Fall 200, CSE 468: Lectures
The following is the summary of lectures given so far. For each lecture
you find the list of topics covered, and the reference material.
The numbers indicate sections in Martin's book.
The notes contain a detailed list of the topics,
and explain the notions which are not explained
(or explained differently) in the book.

Wed, Aug 23
Overview of the Syllabus.
Contents of the course.
[
Notes
]

Mon, Aug 28
Preliminary notions: Basic mathematical objects (sets, relations, functions).
[
1.1. 1.3, 1.4,
Notes
]

Wed, Aug 30
Preliminary notions:
Correspondence between equivalence relations and partitions.
Classical propositional logic.
[
1.4.1, 1.2.1, 1.2.2,
Notes
]

Fri, Sep 1
Preliminary notions: FirstOrder Logic. Principle of Mathematical induction.
Inductive definitions and
Principle of Structural Induction.
[
1.2.3, 2.2, 2.4, 2.5,
Notes
]

Wed, Sep 6
The concept of alphabet, string and language.
Operations on languages.
Regular expressions and regular languages.
[
1.5, 3.1,
Notes
]

Fri, Sep 8
Use of Regular Languages in Computer Science.
Language recognition. Examples of automata recognizing
regular languages.
[
3.2
Notes
] Assignment 1 distributed. Due Sep 20 in class.

Mon, Sep 11
Formal definition of Finite Automata.
Distinguishing one string from another.
Lower bound on the number of states
of a Finite Automaton recognizing a given language.
[
3.3, 3.4
]
 Wed, Sep 13
FA for the recognition of union, intersection and difference
of languages.
[
3.5
]
 Fri, Sep 15
Nondeterministic Finite Automata.
Transforming a NFA into an equivalent FA.
[
4.1
]

Mon, Sep 18
Nondeterministic Finite Automata with lambda transitions.
Constructing a NFAlambda corresponding to a given regular expression.
[4.2, 4.3]

Wed, Sep 20
Transforming a NFAlambda into an equivalent NFA.
The Theorem of Kleene. Construction of
a regular expression representing the language recognized by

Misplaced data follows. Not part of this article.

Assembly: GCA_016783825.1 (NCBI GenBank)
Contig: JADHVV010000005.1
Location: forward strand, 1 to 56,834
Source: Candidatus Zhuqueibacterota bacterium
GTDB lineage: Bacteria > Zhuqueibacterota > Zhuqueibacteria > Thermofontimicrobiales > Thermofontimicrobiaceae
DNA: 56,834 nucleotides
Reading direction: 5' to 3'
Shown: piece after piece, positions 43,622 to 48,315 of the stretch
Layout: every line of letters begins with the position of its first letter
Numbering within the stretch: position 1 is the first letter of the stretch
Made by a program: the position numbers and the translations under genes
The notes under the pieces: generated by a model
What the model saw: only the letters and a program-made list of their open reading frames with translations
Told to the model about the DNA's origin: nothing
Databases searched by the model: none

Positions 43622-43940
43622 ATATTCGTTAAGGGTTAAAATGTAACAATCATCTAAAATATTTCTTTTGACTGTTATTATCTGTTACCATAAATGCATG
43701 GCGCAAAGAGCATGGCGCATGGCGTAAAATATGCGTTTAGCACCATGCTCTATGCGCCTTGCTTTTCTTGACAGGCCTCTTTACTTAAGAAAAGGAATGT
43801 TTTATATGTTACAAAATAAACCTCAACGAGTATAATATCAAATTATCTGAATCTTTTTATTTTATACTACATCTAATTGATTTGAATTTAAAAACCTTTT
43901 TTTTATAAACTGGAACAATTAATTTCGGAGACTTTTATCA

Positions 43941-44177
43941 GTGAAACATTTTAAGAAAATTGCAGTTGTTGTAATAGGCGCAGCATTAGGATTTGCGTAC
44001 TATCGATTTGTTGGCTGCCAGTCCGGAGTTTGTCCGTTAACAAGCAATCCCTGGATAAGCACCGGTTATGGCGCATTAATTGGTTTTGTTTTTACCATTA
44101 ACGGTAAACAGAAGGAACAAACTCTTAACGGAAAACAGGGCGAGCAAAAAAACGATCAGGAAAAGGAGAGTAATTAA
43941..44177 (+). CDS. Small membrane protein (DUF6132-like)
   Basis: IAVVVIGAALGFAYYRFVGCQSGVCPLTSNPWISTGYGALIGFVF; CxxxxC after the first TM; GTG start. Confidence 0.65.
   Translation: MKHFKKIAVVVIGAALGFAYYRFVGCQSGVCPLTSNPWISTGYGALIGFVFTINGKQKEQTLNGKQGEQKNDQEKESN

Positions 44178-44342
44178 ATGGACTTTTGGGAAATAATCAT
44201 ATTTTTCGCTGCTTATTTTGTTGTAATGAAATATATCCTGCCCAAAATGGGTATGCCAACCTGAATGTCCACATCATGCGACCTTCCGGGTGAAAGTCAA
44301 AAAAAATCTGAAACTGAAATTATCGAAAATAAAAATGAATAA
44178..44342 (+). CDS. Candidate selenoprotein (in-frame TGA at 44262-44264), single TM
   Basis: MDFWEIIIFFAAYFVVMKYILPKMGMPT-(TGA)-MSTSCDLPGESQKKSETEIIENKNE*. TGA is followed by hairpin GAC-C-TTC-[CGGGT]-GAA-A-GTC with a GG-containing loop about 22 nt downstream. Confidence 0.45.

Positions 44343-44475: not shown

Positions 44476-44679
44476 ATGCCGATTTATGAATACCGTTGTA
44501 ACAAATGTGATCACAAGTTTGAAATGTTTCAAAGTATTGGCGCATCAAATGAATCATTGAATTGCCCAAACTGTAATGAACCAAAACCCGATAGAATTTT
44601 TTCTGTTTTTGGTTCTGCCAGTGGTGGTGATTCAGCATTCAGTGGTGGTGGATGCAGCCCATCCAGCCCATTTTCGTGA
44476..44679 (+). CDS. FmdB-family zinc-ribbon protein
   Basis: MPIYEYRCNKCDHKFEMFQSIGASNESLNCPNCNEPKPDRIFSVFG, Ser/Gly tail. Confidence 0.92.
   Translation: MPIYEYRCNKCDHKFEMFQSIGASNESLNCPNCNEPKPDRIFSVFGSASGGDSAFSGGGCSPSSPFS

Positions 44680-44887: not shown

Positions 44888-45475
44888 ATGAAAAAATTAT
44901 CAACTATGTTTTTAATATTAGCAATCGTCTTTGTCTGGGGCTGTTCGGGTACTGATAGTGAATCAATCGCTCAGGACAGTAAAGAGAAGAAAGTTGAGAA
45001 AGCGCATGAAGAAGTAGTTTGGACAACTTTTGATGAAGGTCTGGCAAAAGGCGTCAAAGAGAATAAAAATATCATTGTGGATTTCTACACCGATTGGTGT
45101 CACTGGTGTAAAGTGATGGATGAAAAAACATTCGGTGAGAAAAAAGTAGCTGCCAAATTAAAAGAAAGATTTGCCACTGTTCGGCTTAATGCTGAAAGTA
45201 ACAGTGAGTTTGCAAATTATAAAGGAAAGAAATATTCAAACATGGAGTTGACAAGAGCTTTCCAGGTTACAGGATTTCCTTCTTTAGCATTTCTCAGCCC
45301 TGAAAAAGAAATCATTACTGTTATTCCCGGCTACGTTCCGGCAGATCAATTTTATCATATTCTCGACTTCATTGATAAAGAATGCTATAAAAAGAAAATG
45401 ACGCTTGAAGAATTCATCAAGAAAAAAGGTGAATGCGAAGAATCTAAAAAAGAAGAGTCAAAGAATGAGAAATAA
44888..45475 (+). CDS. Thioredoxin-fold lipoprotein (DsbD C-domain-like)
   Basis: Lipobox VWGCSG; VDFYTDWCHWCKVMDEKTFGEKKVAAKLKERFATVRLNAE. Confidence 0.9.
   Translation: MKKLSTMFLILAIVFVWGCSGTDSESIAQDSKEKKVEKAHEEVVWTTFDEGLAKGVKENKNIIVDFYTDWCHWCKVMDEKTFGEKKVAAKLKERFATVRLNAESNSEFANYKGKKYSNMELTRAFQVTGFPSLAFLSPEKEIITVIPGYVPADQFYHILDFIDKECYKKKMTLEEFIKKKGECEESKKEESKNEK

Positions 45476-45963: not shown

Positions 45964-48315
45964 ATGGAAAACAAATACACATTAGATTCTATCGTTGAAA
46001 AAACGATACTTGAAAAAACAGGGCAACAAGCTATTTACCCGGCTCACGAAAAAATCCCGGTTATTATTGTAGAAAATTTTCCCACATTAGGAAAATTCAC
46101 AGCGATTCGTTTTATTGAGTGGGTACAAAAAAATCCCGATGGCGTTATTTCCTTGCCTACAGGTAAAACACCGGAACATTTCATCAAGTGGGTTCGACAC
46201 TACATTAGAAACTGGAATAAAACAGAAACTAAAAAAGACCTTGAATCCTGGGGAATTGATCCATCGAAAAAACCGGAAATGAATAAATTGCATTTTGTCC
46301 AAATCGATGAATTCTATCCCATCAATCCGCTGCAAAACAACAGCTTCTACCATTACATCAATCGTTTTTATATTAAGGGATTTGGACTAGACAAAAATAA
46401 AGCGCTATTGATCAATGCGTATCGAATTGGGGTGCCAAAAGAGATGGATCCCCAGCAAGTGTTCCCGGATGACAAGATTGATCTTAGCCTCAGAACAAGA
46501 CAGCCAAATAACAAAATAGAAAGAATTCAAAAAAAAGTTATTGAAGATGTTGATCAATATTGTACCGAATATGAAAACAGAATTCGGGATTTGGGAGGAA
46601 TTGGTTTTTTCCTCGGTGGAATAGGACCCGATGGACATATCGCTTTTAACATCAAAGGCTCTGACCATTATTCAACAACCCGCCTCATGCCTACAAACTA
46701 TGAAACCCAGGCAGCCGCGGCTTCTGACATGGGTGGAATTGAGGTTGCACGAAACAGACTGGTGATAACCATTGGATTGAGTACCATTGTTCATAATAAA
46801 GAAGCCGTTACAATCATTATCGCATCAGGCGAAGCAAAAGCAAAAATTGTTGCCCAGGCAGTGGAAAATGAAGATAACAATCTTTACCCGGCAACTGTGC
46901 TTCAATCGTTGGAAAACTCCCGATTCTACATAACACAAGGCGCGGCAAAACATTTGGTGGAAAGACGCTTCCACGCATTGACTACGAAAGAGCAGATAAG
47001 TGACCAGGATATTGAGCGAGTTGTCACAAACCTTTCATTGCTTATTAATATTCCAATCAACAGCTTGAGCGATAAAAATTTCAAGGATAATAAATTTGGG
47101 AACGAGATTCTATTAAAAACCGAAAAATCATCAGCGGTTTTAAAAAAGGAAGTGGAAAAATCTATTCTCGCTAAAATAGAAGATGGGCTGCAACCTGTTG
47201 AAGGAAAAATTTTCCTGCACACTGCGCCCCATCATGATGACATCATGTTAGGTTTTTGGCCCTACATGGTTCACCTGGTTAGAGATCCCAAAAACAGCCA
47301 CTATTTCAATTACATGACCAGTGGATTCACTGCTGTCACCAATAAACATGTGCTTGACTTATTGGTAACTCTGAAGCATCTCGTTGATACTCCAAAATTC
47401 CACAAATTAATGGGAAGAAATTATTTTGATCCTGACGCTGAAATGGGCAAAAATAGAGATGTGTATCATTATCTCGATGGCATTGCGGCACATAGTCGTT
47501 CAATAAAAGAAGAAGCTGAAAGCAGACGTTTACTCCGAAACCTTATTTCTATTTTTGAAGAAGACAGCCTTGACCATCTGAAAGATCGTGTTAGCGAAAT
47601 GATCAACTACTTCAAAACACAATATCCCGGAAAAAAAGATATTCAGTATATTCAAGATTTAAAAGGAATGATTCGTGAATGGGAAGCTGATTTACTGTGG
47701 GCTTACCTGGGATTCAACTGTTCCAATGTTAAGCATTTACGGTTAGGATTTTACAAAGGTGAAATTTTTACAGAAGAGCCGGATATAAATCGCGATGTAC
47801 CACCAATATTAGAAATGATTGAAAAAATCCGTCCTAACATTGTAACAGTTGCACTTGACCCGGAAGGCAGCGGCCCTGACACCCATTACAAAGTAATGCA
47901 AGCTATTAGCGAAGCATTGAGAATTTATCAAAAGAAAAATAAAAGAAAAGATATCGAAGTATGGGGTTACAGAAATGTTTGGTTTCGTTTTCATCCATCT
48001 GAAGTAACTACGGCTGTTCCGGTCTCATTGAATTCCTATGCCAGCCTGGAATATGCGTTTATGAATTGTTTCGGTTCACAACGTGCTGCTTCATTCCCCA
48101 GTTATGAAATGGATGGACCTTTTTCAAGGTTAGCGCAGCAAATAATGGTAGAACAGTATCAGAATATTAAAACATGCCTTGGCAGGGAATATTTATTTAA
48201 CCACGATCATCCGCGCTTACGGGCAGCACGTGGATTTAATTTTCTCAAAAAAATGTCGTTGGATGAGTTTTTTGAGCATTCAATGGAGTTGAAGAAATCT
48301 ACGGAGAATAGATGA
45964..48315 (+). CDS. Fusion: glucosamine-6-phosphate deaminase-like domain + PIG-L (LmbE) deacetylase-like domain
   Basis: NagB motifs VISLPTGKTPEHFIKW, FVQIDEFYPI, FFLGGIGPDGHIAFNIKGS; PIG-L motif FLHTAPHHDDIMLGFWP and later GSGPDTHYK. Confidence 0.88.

a given FA.
[4.3]

Fri, Sep 22
The indistinguishability relation associated to a language,
and the corresponding partition.
Deriving a FA from the indistinguishability relation
(when the partition is finite).
The theorem of MyhillNerode.
[
5.1
] Assignment 2 distributed. Due Oct 4 in class.
 Mon, Sep 25 Exercises in class solved by Mihaela Herescu
 Wed, Sep 27 Exercises in class solved by Mihaela Herescu
Fri, Sep 29 Class canceled

Mon, Oct 2
The theorem of MyhillNerode (cont'd).
Example of language whose indistinguishability relation
has an infinite number of equivalence
classes: L_{1} = {a^{n}b^{n}  n natural number}.
Example of language whose indistinguishability relation
has a finite number of equivalence
classes: L_{2} = {a^{m}b^{n}  m, n natural numbers}.
Deriving a FA for L_{2}. [5.1]

Wed, Oct 4
Proof of the theorem of MyhillNerode.
Constructing a FA from the indistinguishability relation
associated to a language. [5.1]
 Fri, Oct 6
Minimization of FA.
[
5.2
]
Assignment 3 distributed. Due Oct 18 in class.
Mon, Oct 9 Fall break
 Wed, Oct 11
The pumping lemma for FA.
Using the pumping lemma for proving that
a language is not regular.
[
5.3
]
 Fri, Oct 13
Decision problems. The notion of decidability.
Decidable properties of FA: Emptyness of L(M).
[
5.4
]
 Mon, Oct 16
Decidable properties for FA:
Finiteness of L(M). Equivalence of FA.
Settheoretic properties of regular languages.
[
5.4
]
 Wed, Oct 18
Uses of Regular Languages in Computer Science.
Limitations of Regular Languages.
Example of a language which is not regular:
the language of balanced parentheses.
Other examples: L_{1} = {a^{n}b^{n}
n is a natural number}. L_{2} = {x in {a,b}^{*}
#_{a}(x) = #_{b}(x)}.
L_{3} = {x in {a,b}^{*}
x is a palindrome}.
Expressing the above langauges inductively.
Expressing the above languages by using a grammar.
Contextfree grammars.
Language generated by a contextfree grammar.
[
5.5, 6.1
]
Assignment 4 distributed. Due Nov 6 in class.
 Fri, Oct 20
Exercises of preparation for the Midterm exam.
 Mon, Oct 23
Midterm exam (in class)
 Wed, Oct 25